After Louis died, West Francia, including most of modern France, went to his son Charles the Bald, who continued to struggle with Viking raids, especially up rivers such as the Seine. Early in his reign, in 843, the Vikings overwintered at Noirmoutier on the west coast of France, the first recorded time they had spent the winter on campaign rather than returning home.

In 845, the Viking leader Ragnar (possibly the legendary Ragnar Lodbrok) led a fleet carrying over 5,000 men to attack Paris, breaking through the defences on the Ile de la Cite and plundering the city on Easter day. Ragnar often attacked Christian cities on holy days, since most people in the city would be at church. Charles was forced to pay a ransom of 7,000 pounds of silver to spare the city and its people any further massacre and plunder, but Ragnar and other Viking leaders went on to attack other parts of France and demand payment to go away. Most of these were paid and the taxation required to raise the money - as well as the Vikings’ spending on Frankish luxury goods - led to a significant increase in the use of coinage in West Francia.

Ragnar, however, did not live to enjoy his new wealth for long; he and many of those who had attacked Paris along with him died soon afterwards in an epidemic believed at the time to be divine punishment for his actions; King Horik of Denmark, who may have shared responsibility for the raid, immediately offered to release all Christian prisoners of war. However, he did not halt the advance of the Vikings into Europe.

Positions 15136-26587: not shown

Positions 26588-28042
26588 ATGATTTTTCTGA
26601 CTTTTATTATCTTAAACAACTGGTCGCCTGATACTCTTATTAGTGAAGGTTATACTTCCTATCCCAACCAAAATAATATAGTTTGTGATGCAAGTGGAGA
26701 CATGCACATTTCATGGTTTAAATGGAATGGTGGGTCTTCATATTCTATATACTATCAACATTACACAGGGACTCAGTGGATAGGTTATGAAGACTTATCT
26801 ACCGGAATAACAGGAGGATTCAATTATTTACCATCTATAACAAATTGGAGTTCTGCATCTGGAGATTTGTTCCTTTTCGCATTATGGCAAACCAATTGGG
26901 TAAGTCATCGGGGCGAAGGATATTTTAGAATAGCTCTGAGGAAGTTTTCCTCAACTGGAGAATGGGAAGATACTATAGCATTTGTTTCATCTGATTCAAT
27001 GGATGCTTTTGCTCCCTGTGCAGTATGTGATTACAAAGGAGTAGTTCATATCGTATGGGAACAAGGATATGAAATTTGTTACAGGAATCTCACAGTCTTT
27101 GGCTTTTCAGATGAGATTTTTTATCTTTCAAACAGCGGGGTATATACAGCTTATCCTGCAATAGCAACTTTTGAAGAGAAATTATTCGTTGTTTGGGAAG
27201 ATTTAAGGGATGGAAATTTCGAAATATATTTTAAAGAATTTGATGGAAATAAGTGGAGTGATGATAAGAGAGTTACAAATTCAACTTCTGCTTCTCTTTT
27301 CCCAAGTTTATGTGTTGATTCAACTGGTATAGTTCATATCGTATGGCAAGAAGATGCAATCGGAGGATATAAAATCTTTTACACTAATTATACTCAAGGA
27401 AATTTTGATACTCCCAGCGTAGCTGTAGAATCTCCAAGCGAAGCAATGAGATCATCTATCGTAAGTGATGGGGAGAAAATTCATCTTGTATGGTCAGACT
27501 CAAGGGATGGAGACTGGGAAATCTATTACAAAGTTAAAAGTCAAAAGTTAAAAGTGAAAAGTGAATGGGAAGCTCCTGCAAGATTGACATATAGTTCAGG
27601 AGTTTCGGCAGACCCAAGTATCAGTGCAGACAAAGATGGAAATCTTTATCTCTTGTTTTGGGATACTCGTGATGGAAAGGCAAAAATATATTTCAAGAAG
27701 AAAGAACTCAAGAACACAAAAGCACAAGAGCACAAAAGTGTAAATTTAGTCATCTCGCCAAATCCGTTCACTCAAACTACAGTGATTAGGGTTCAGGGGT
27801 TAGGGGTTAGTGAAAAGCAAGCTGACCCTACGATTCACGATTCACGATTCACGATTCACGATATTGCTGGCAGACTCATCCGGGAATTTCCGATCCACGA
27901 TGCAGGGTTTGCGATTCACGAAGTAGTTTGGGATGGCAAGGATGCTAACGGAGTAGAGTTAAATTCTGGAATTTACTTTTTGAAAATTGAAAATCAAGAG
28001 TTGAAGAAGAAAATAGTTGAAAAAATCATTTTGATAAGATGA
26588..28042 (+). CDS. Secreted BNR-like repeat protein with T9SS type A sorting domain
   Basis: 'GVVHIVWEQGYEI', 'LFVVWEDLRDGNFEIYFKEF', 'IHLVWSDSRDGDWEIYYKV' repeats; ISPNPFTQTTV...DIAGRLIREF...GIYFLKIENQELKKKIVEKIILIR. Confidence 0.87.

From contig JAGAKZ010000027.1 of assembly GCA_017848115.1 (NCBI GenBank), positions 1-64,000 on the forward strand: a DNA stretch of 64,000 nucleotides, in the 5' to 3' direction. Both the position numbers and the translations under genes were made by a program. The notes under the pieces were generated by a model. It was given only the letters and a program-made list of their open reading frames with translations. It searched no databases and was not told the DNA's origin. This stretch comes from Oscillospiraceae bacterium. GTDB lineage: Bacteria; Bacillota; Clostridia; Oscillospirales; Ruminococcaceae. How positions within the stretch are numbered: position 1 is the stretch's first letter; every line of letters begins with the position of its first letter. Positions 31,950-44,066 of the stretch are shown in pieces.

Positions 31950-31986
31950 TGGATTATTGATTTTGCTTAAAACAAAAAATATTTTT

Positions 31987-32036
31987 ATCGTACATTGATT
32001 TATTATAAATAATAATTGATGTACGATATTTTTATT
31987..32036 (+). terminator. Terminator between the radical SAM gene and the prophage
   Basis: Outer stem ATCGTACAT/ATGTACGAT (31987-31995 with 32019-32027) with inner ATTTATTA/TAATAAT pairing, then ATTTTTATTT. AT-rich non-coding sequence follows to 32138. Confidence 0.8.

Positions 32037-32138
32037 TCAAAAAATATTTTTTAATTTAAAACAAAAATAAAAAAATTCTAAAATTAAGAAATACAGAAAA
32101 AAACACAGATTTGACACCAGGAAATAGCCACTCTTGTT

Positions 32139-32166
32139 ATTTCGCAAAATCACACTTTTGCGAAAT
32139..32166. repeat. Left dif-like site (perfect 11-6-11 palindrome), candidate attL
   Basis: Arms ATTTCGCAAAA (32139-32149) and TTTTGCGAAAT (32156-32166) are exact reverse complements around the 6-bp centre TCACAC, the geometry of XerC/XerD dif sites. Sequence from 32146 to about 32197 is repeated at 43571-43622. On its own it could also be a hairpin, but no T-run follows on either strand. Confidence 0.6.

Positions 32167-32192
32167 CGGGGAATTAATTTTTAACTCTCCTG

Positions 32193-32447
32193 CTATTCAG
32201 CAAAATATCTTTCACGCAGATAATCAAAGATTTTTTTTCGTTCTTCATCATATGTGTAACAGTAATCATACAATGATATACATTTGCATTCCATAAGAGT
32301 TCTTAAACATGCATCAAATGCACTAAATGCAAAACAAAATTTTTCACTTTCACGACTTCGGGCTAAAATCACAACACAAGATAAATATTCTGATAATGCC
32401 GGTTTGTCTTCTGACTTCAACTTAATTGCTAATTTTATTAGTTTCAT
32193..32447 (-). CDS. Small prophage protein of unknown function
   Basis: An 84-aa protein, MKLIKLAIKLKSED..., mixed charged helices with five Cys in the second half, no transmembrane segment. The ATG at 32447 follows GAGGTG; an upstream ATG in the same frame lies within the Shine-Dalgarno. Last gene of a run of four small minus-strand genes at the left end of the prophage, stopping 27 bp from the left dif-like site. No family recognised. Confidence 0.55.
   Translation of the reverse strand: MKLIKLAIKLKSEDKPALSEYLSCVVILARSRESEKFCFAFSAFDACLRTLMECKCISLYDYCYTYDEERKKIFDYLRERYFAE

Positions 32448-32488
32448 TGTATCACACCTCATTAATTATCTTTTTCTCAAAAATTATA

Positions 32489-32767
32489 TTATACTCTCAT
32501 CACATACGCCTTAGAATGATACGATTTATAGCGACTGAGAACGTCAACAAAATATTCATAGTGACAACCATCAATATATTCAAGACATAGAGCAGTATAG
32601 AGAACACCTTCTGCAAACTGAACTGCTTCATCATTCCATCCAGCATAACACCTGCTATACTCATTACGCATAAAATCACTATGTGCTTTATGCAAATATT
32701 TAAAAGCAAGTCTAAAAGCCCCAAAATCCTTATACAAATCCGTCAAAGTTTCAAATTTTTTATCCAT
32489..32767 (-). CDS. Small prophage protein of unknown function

Originally posted 20th April 2023

Rampton is one of the smallest fen-edge parishes. In 1086, when the Domesday Book was created, there were only 19 tenants compared to 23 in nearby Willingham, which grew to 79 by 1251 while even by 1563 there were still only 31 families in Rampton. In fact, Rampton may have originally been an offshoot of Willingham, judging by the fact that they shared fen pastures and before the Norman Conquest were both owned by the abbey at Ely. However, by 1066 they were separate parishes and Rampton had its own church by the 1100s, though little of the original church remains today.

After the Norman Conquest, the village - consisting of a single 6-hide manor - was taken over by Sheriff Picot of Cambridge despite the claims of the Abbey of Ely. However, the bishop’s ownership was re-asserted later and in about 1212 Robert de Lisle held it as a tenant of the bishop. He and his heirs held it until the late 1300s and were probably responsible for most of the church building that survives. The recessed tomb with an effigy of a knight that is still visible in the chancel used to be decorated with the arms of the Lisle family and comes from the late 1200s.